Both Clavey and the defendant testified there was never any agreement between him and the defendant for a division of the proceeds of the sales; that the defendant did not know what price Clavey received for the property, or indeed, what property had been sold. The defendant testified he was never aware that Clavey had gotten more for the property than he gave the defendant. He denied that he had ever kept any of the proceeds for himself. His testimony was that he held the invoices until Clavey brought him the money for the article covered, and that he then reimbursed the college for the "service charge" and deposited the remainder (the profit to the college) in a fund he had started some years prior known as the "Garage Fund," a fund belonging to the college and made up primarily of donations solicited by the defendant.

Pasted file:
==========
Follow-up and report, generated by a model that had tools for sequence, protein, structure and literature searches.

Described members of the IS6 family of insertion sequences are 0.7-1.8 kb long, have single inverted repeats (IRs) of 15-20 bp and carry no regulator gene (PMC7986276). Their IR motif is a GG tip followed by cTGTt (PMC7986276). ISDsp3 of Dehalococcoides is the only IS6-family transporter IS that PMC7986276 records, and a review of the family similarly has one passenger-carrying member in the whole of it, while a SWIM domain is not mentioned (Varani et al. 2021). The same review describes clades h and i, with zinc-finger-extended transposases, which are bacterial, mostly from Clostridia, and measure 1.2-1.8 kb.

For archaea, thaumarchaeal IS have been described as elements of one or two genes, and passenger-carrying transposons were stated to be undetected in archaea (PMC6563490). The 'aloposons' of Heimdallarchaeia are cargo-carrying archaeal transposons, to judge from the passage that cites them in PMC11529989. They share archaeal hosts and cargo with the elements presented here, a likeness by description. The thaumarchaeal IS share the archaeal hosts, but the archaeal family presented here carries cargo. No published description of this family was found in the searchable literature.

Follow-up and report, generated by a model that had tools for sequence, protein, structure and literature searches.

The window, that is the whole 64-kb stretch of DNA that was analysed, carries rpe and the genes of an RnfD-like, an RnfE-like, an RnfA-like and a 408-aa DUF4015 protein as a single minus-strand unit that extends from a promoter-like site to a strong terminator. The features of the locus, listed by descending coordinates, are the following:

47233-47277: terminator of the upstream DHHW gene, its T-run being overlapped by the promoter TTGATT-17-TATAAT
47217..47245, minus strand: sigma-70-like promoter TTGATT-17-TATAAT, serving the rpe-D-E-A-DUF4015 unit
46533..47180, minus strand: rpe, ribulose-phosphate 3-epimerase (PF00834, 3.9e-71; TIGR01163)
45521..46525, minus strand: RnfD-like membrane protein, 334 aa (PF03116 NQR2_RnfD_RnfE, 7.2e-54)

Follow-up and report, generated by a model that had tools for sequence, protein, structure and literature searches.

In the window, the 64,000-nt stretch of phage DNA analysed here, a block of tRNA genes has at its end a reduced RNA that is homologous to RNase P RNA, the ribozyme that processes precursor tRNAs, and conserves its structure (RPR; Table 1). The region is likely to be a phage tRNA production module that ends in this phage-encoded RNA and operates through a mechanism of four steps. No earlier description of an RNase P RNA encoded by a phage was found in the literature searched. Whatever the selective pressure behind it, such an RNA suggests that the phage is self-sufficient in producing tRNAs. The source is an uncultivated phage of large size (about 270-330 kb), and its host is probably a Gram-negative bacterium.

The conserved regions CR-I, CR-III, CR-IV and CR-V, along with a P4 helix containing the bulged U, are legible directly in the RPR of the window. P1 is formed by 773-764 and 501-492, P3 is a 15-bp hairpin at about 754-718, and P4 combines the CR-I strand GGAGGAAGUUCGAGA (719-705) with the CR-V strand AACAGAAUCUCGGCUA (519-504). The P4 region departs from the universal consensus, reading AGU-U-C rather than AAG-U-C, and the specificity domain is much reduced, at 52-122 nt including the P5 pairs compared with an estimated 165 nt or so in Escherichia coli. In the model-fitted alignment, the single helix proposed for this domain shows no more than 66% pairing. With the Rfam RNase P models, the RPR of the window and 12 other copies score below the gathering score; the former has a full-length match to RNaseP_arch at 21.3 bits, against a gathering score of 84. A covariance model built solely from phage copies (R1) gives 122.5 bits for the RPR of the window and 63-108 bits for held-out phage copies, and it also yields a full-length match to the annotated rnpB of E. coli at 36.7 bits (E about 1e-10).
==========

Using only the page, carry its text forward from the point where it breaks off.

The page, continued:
The defendant, while admitting he had dealt with surplus property for over 10 years and had "once or twice" during this time, read the conditions appearing on the back of the invoice, denied he had exerted unauthorized control over any property. He said that he was under the impression he had authority to exercise the control he did, since it was his understanding that approval for "secondary utilization" meant that the donee could dispose of the property in question in any manner desired, including selling or destroying the property. *fn2

It appears from the evidence that $19,200 was paid by Raco for the surplus property it bought from Clavey and Monahan. The defendant testified that he had received (from Clavey) about $12,050. Of this he deposited about $10,000 in a general college account to repay the cost of the service charge and that he deposited the profit, approximately $s2,050, in a "Garage Fund" account. While the college discharged the defendant before the trial started there is no evidence that the college suffered any financial loss due to the transactions described.